While it would be impossible and unreasonable to expect every teacher to figure out how to meet the needs of every student during this crisis, we’re also seeing how top-down decision-making by districts can go terribly wrong for teachers and students. One need look no further than affluent Fairfax County (VA), which had a disastrous roll-out of their virtual learning platform. Marred by poor planning, testing, and vendor management, it’s clear that whatever process Fairfax used to develop their plan, it wasn’t driven and tested by teachers.  Continue reading

If Your District is Losing Enrollment, Borrow Some Tools from Denver

As families make their school choices during the annual enrollment season this winter, there are a lot of unknowns for district leaders to manage. The size of the student population shouldn’t be one of them. When district student enrollment numbers drop, a whole community can find itself in a panic. School principals start worrying about potential cuts to their staff. District administrators start worrying about consolidating or closing schools. And if all this happens unexpectedly, then parents and students are the ones who suffer.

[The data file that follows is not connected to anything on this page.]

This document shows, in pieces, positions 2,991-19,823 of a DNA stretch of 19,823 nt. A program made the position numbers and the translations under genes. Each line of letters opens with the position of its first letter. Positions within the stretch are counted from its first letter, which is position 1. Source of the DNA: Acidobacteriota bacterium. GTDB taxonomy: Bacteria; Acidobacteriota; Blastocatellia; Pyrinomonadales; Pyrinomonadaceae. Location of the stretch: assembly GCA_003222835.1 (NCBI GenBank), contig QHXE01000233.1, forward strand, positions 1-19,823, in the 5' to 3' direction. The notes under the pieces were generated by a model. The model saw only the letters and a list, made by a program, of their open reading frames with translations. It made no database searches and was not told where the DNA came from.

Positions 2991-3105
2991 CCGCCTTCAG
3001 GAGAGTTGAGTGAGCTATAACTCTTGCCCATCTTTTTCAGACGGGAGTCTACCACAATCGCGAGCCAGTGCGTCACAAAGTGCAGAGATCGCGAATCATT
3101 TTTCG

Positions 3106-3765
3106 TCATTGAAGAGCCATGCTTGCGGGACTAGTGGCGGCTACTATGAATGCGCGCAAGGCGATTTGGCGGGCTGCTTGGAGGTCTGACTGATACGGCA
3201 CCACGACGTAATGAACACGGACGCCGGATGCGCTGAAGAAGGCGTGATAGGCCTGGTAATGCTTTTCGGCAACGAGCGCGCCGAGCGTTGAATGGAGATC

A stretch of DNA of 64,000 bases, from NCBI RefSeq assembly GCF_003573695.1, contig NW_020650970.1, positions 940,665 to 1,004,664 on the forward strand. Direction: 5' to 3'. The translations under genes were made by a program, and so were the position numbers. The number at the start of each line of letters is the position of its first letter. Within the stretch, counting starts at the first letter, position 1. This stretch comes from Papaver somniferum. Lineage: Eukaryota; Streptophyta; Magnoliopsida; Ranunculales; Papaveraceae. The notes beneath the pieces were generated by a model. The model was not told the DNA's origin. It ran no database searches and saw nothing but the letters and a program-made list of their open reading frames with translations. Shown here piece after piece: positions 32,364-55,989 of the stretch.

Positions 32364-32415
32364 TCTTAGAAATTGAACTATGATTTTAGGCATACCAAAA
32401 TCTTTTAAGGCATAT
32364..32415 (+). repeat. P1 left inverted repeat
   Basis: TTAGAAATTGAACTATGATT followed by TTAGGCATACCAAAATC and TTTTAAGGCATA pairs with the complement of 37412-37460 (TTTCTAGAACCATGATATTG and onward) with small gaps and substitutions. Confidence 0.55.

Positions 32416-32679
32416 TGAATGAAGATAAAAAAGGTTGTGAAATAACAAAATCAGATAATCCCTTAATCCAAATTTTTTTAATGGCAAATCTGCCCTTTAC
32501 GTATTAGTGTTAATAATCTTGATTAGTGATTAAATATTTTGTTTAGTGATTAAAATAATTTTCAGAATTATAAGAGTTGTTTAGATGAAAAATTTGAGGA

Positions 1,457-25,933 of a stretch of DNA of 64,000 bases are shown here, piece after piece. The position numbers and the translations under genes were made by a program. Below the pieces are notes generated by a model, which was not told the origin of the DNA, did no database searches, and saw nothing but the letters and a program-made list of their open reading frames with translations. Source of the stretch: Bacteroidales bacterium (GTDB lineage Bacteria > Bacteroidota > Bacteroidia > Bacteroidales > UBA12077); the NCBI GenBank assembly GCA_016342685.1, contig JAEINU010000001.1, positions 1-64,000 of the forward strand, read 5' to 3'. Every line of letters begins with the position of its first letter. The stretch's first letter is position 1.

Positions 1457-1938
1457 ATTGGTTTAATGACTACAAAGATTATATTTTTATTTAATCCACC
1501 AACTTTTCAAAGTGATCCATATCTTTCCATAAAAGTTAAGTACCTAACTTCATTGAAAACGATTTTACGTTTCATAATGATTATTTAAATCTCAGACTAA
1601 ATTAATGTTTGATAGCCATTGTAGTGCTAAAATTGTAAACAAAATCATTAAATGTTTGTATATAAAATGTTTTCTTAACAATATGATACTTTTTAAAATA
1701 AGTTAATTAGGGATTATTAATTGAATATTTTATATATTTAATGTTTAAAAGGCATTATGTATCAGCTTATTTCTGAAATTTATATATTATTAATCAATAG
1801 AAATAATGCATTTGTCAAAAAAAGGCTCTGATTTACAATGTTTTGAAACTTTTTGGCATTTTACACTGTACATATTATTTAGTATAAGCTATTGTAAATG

Denver Public Schools (DPS) is at a similar crossroads: enrollment levels are in decline after a period of population boom, but their leaders are able to nimbly respond to enrollment changes due to a number of systems they have in place. Other city leaders take heed.

In most traditional districts, enrollment data isn’t used for a great deal of strategic decision-making, but thanks in part to Denver’s universal enrollment system and student-based school budgeting process, they have a much richer set of data to understand which schools and parts of the city are attracting (or losing) students. Leaders use this to aid in decision-making when it comes to high-stakes subjects like school creation, turnaround, or closure.

These tools also allowed Denver to grow quickly while improving student outcomes. As former DPS official and enrollment management expert Brian Eschbacher explained recently in The 74, during his seven years as the executive director of planning and enrollment services in Denver, he and his team could detect, assess, and respond to changes in student enrollment. Through their annual Strategic Regional Analysis process, DPS staff were able to understand what areas or programs were popular with families as well as where enrollment was beginning to wane. In both cases, it allowed district leaders to be more proactive in their decision-making based on a detailed understanding of enrollment trends.